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It's a Big Country

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Subject: A Girl Named Tamiko, Fast Company (1953 film), The Girl in White, Kind Lady (1951 film), Chino (film)
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It's a Big Country

It's a Big Country
Theatrical release poster
Directed by Clarence Brown
John Sturges
Richard Thorpe
Charles Vidor
Don Weis
William A. Wellman
Produced by Robert Sisk
Written by Edgar Brooke
Ray Chordes
Claudia Cranston
Helen Deutsch
Dorothy Kingsley
Isobel Lennart
William Ludwig
John McNulty
Charles Palmer
Joseph Petracca
Dore Schary
George Wells
Starring Ethel Barrymore
Gary Cooper
Van Johnson
Gene Kelly
Janet Leigh
Marjorie Main
Fredric March
George Murphy
William Powell
James Whitmore
Cinematography John Alton
Ray June
William C. Mellor
Joseph Ruttenberg
Edited by Ben Lewis
Fredrick Y. Smith
Distributed by Metro-Goldwyn-Mayer
Release dates
  • November 20, 1951 (1951-11-20)
Running time 89 minutes
Country United States
Language English
Budget $1,013,000[1][2]
Box office $655,000[1]

It's a Big Country is a 1951 anthology film directed by 6 directors: Clarence Brown, John Sturges, Richard Thorpe, Charles Vidor, Don Weis, and William A. Wellman.


A professor traveling on a train overhears a fellow passenger make a comment about "America". The professor then asks: "Which America?" This provides a lead-in for multiple tales of American life. There is the tale of Mrs. Riordan, an elderly lady from Boston. She is upset about not having being counted in the 1950 census. She asks a newspaper editor named Callaghan to intervene on her behalf, and he makes the mistake of not taking her seriously.

There is the story of a Hungarian immigrant named Stefan Szabo who is in the business of selling paprika. He has several daughters and does not want them to marry men of other nationalities. Rosa falls in love with Icarus, who is Greek, and must overcome her father's objections. There is the tale of Maxie Klein, a young Jewish man. He looks up the mother of a young man who died in the war. The mother is not sure what to make of Maxie because her son mentioned no Jewish friend, but ends up touched by his visit. So many tall tales about Texas exist that a tall Texan man takes it upon himself to separate the fact from the fiction.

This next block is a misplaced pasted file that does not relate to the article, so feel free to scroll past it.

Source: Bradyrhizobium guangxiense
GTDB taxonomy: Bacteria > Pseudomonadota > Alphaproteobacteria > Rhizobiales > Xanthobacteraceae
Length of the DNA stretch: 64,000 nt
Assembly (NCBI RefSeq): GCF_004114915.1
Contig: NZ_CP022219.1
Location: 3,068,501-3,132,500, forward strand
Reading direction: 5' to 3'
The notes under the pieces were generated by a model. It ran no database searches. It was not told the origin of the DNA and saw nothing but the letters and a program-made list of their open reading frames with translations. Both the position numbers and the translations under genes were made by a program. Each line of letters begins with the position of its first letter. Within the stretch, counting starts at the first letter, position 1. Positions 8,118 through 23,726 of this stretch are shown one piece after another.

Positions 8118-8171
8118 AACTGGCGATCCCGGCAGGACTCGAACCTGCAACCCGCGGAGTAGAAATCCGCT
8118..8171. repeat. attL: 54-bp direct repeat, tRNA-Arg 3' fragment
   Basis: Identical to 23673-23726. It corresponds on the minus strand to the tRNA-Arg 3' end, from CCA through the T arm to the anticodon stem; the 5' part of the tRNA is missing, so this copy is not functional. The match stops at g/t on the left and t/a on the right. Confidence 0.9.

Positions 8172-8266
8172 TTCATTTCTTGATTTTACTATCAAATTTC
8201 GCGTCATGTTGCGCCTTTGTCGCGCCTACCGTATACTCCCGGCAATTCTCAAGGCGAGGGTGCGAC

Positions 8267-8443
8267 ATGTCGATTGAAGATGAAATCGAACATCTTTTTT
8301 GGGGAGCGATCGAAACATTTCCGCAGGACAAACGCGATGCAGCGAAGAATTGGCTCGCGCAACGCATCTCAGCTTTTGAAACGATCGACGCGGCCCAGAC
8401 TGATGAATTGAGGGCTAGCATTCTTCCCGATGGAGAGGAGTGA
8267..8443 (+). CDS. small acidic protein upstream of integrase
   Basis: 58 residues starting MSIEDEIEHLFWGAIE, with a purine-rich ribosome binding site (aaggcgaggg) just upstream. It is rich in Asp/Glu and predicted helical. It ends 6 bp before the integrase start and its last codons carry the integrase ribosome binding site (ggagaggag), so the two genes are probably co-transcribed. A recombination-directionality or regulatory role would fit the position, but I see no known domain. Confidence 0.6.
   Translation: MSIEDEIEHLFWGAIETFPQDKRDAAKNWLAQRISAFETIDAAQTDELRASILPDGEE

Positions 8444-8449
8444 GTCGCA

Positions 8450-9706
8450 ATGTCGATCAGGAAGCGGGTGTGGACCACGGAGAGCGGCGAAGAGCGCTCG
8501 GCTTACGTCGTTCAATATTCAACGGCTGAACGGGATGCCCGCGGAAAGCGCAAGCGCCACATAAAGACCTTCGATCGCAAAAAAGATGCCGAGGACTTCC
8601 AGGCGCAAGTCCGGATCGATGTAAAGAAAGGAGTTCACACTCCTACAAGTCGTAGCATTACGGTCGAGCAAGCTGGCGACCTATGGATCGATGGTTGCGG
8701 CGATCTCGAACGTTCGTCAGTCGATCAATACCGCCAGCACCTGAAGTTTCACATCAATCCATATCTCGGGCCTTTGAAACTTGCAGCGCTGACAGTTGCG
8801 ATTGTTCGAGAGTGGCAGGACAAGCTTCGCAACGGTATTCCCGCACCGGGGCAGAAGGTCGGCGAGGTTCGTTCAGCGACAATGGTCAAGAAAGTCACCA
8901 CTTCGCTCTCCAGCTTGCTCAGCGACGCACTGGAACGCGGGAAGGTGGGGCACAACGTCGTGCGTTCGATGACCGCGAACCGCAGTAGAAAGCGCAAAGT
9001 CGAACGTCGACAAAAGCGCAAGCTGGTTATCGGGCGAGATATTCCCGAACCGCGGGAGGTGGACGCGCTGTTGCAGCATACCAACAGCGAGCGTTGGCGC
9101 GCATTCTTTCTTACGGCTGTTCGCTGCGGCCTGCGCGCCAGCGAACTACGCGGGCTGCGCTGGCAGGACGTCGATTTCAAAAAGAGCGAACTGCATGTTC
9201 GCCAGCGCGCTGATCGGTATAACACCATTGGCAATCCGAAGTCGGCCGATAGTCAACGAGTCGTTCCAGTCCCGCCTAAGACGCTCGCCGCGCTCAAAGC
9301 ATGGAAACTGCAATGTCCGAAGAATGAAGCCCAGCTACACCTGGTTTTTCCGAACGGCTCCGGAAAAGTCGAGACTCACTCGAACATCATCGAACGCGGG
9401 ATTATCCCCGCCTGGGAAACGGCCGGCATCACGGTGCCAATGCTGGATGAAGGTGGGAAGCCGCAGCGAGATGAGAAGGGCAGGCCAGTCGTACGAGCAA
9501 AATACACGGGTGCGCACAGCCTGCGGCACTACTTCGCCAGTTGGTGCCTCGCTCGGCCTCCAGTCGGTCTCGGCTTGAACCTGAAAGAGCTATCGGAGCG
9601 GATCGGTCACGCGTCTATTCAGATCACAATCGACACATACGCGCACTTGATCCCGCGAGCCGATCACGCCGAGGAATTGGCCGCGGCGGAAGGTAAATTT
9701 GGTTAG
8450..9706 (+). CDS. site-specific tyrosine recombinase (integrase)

Adam Burch, a minister in Washington, D.C., whose parishioners include the President of the United States, sometimes tailors his sermons specifically for the President, only to learn later that the President was unable to attend services that day. Scolded to speak for all rather than to one, Rev. Burch gives the sermon of his life, then learns to his surprise that the President was present on that day and heard every word. Miss Coleman, a school teacher in San Francisco, discovers that her pupil Joey needs glasses. However, Joey's father, Mr. Esposito, believes they are not necessary and will only bring Joey ridicule from his peers. In the end, it is the father who learns an important lesson.



According to MGM records the film earned $526,000 in the US and Canada and $129,000 elsewhere, resulting in a loss to the studio of $677,000.[1]


  1. ^ a b c The Eddie Mannix Ledger, Los Angeles, CA: Margaret Herrick Library, Center for Motion Picture Study .
  2. ^ Glenn Lovell, Escape Artist: The Life and Films of John Sturges, University of Wisconsin Press, 2008, p. 60

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